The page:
Relative risks of bladder cancer according to history of gonorrhoea (overall and stratified by stage at initial diagnosis) in the Health Professionals Follow-up Study, 1992–2002

We stratified cases by tumour invasiveness to further examine the possibility that detection bias is responsible for the observed association. The association was not apparent in men with superficial bladder cancer (Ta; Table 1) and was weak among those with less advanced disease (Ta and T1; RR=1.14, 95% CI=0.50–2.59). It was stronger in men with invasive (T1–T4; Table 1) and advanced cases only (T2–T4; RR=4.07, 95% CI=1.35–12.3). Further restricting the analysis to invasive TCC resulted in similar results (RR=2.38, 95% CI=1.00–5.63).

The association with gonorrhoea appeared stronger among ever smokers, although the interaction was not statistically significant (p-interaction=0.14). Compared to never smokers without a history of gonorrhoea, ever smokers without a history of gonorrhoea had an RR of 2.19 (95% CI=1.66–2.89), never smokers with a history of gonorrhoea had an RR of 1.45 (95% CI=0.35–6.04), and ever smokers with a history of gonorrhoea had an RR of 4.84 (95% CI=2.58–9.07). The association with gonorrhoea was similar among ever smokers with less than 25 pack-years of smoking (RR=1.91, 95% CI=0.87–4.18, yes vs no history of gonorrhoea) and among men with 25+ pack-years of smoking (RR=2.32, 95% CI=0.95–5.68, yes vs no history).


In this prospective study, we observed a two-fold increase in bladder cancer risk among men with a history of gonorrhoea. The association was stronger for invasive and advanced bladder cancer and among current smokers.

Chronic or recurring urinary infections may increase bladder cancer risk through inflammation or urinary stasis. Urinary tract infections have been associated with bladder cancer risk in many case–control studies (Howe et al, 1980; Kantor et al, 1984; Claude et al, 1986; Piper et al, 1986; Gonzalez et al, 1991; La Vecchia et al, 1991). In one study, increased risk was observed among individuals who reported their first UTI 15 or more years before diagnosis (OR=2.3, 95% CI=1.0–5.2) (La Vecchia et al, 1991). In another case–control study, associations with UTI were strongest for advanced cancers (OR=4.6, 95% CI=2.4–8.9) (Kantor et al, 1984).

Lower urinary tract symptoms include incomplete bladder emptying, frequency, intermittency, urgency, and hesitancy, and we recently reported a positive association between history of gonorrhoea and such symptoms in this cohort (RR=1.63, 95% CI=1.14–2.33) (Sutcliffe et al, 2005). Based on these findings, gonorrhoeal infections, generally acquired relatively early in adulthood, may have a long-lasting impact on bladder function. It is plausible therefore that the inflammation producing these urinary symptoms, or increased urinary stasis from incomplete bladder emptying, or a combination of these could be involved in bladder carcinogenesis.

Although the interaction with smoking was not statistically significant in the current study, we observed a strong association with gonorrhoea and bladder cancer among ever smokers. The strength of the association among individuals with a high or a low pack-year smoking history was similar, suggesting that residual confounding by number of pack-years was unlikely. Effect modification by smoking of the UTI and bladder cancer association has been reported in two studies (Kantor et al, 1984; La Vecchia et al, 1991). In one, when compared to never smokers with no history of UTI, ever smokers with a history of UTI had an RR of 10.3 (95% CI=5.3–20.1), never smokers with a history of UTI had an RR of 3.2 (95% CI=1.6–6.3), and ever smokers with no history of UTI had an RR of 2.4 (95% CI=1.6–3.6) (La Vecchia et al, 1991).

The strengths of this study include its prospective design, which precludes recall bias, a large number of bladder cancer cases, and high follow-up rates. In addition, we conducted secondary analyses to address potential biases that may have occurred. We explored the possibility that a person with a history of gonorrhoea might be more likely to get a medical work-up that would lead to the detection of bladder cancer. If detection bias was present, we would expect less advanced or noninvasive tumours to be more commonly reported among those with a history of gonorrhoea. However, we observed stronger associations between gonorrhoea and bladder cancer risk among those who had advanced or invasive disease and no association among those with noninvasive disease. Furthermore, the association strengthened after removing the first 2 years of follow-up, suggesting that detection bias or reverse causation is unlikely to explain our findings.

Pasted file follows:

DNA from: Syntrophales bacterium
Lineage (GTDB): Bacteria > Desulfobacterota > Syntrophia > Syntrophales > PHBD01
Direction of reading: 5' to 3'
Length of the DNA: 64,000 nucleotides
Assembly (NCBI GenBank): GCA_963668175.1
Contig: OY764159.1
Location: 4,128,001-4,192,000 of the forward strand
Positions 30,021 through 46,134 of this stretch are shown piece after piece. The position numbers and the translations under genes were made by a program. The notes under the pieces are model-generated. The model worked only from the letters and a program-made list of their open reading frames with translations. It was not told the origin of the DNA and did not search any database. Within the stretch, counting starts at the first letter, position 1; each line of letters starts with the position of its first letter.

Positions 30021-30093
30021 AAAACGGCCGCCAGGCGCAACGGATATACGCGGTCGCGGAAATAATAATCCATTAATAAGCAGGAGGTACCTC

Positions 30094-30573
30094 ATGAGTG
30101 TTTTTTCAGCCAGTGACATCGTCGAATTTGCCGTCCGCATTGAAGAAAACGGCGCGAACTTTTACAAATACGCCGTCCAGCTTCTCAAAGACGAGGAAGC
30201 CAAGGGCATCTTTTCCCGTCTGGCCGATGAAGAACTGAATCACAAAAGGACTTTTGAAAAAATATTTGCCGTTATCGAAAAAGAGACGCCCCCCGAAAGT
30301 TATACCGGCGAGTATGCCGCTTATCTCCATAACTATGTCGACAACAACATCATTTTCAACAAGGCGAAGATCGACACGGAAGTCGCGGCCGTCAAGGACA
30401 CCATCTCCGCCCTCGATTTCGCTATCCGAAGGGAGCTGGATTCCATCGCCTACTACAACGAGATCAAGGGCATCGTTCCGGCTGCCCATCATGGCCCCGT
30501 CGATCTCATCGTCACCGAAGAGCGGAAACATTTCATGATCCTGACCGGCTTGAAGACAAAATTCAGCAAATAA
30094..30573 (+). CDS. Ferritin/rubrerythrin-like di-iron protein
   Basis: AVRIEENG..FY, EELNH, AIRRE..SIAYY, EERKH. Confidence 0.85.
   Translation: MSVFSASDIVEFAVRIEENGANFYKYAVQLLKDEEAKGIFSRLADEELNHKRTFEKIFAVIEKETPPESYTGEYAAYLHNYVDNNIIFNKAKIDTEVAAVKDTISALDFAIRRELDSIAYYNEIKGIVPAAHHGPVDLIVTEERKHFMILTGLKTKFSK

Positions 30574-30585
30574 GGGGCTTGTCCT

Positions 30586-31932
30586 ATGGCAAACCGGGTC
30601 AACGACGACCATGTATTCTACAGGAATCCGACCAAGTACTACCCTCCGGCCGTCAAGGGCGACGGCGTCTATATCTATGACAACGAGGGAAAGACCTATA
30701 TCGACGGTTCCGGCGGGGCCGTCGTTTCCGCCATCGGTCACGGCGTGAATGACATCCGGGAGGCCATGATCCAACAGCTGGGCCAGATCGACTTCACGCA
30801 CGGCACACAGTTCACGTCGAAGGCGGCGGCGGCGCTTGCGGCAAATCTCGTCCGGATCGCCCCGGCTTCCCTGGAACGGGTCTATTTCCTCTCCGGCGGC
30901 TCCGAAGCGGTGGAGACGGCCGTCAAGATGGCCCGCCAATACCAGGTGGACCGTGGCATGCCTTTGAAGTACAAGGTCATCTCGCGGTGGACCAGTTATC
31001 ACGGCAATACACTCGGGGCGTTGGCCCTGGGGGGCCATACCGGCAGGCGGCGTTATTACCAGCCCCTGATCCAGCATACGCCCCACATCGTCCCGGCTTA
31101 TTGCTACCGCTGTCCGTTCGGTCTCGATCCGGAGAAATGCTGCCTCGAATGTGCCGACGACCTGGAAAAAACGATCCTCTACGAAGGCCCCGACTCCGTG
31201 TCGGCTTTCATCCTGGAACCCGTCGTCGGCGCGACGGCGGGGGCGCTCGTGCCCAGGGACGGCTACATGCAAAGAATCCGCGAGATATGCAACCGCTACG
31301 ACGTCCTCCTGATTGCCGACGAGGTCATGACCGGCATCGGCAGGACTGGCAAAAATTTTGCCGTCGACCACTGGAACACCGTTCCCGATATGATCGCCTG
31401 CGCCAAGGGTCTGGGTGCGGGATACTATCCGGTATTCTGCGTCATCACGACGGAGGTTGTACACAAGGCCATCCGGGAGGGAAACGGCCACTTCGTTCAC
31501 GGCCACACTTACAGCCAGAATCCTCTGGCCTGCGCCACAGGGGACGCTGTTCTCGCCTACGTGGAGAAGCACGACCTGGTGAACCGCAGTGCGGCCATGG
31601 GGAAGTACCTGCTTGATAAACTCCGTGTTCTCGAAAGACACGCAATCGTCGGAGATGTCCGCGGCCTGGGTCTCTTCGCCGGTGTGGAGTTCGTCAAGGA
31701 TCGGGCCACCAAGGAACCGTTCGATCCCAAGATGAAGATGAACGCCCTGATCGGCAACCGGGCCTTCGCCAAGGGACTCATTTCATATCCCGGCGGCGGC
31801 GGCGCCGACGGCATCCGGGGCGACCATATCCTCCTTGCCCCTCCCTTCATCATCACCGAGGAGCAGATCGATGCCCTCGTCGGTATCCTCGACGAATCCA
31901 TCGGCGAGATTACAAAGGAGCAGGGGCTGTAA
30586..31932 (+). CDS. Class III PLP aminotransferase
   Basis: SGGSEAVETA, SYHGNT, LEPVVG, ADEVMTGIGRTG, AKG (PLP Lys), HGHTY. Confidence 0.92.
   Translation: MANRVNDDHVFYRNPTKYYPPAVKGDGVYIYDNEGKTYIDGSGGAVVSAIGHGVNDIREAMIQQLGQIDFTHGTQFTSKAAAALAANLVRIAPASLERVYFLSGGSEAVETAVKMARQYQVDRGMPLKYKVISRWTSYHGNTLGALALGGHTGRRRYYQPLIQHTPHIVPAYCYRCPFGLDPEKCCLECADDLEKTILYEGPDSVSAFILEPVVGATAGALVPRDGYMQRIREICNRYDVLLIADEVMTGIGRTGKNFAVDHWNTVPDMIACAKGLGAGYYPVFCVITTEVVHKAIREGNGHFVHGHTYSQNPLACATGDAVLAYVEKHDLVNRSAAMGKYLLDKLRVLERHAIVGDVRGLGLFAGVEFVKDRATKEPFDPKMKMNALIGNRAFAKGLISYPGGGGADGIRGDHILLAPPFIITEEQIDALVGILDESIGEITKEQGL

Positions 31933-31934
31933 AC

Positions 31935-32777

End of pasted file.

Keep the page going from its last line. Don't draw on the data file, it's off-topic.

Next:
As with other STDs, under reporting is probable, especially in face-to-face interviews where individuals may be uncomfortable reporting a positive history. Our data on gonorrhoea was obtained from mailed questionnaires and fewer than 9% of participants did not answer that question; we do not know why these men did not respond, but it is unlikely that nonrespondents were all positive for gonorrhoea. In this cohort, 2.9% of men reported a history of gonorrhoea, which is slightly higher than the prevalence rate reported in a case–control study on STD and prostate cancer among white men (2.5%) (Hayes et al, 2000). If all nonrespondents were positive, the prevalence of gonorrhoea would be 11% in this educated population of health professionals, which is unlikely. Furthermore, nonrespondents were similar to men with no history of gonorrhoea with respect to behavioural characteristics. Therefore, although we cannot rule out the possibility that some nonrespondents had gonorrhoea, it is unlikely to be a large proportion, and results would only be biased if the relationship between gonorrhoea and bladder cancer was different in responders and nonresponders.

In this cohort study of men, a history of gonorrhoea was associated with a statistically significant increase in bladder cancer risk (P-value=0.02). The 2.4-fold increase in risk observed for invasive disease and the lack of association among men with superficial disease suggest that detection bias is unlikely to explain our observation. Our findings from a prospective study confirm those of two previous case–control studies and warrant further study of the role of gonorrhoea and inflammation in bladder carcinogenesis.

Supplementary Material

Supplementary Data:


We thank Dr Walter Willett for his leadership and guidance, and the participants of the Health Professionals Follow-up Study for their continuous and outstanding dedication to the study. We also thank Elizabeth Frost-Hawes, Mira Kaufman, and Alvin Wing for their continued help in conducting the Health Professionals Follow-up Study. This study was supported by NIH grant CA55075.


Supplementary Information accompanies the paper on British Journal of Cancer website (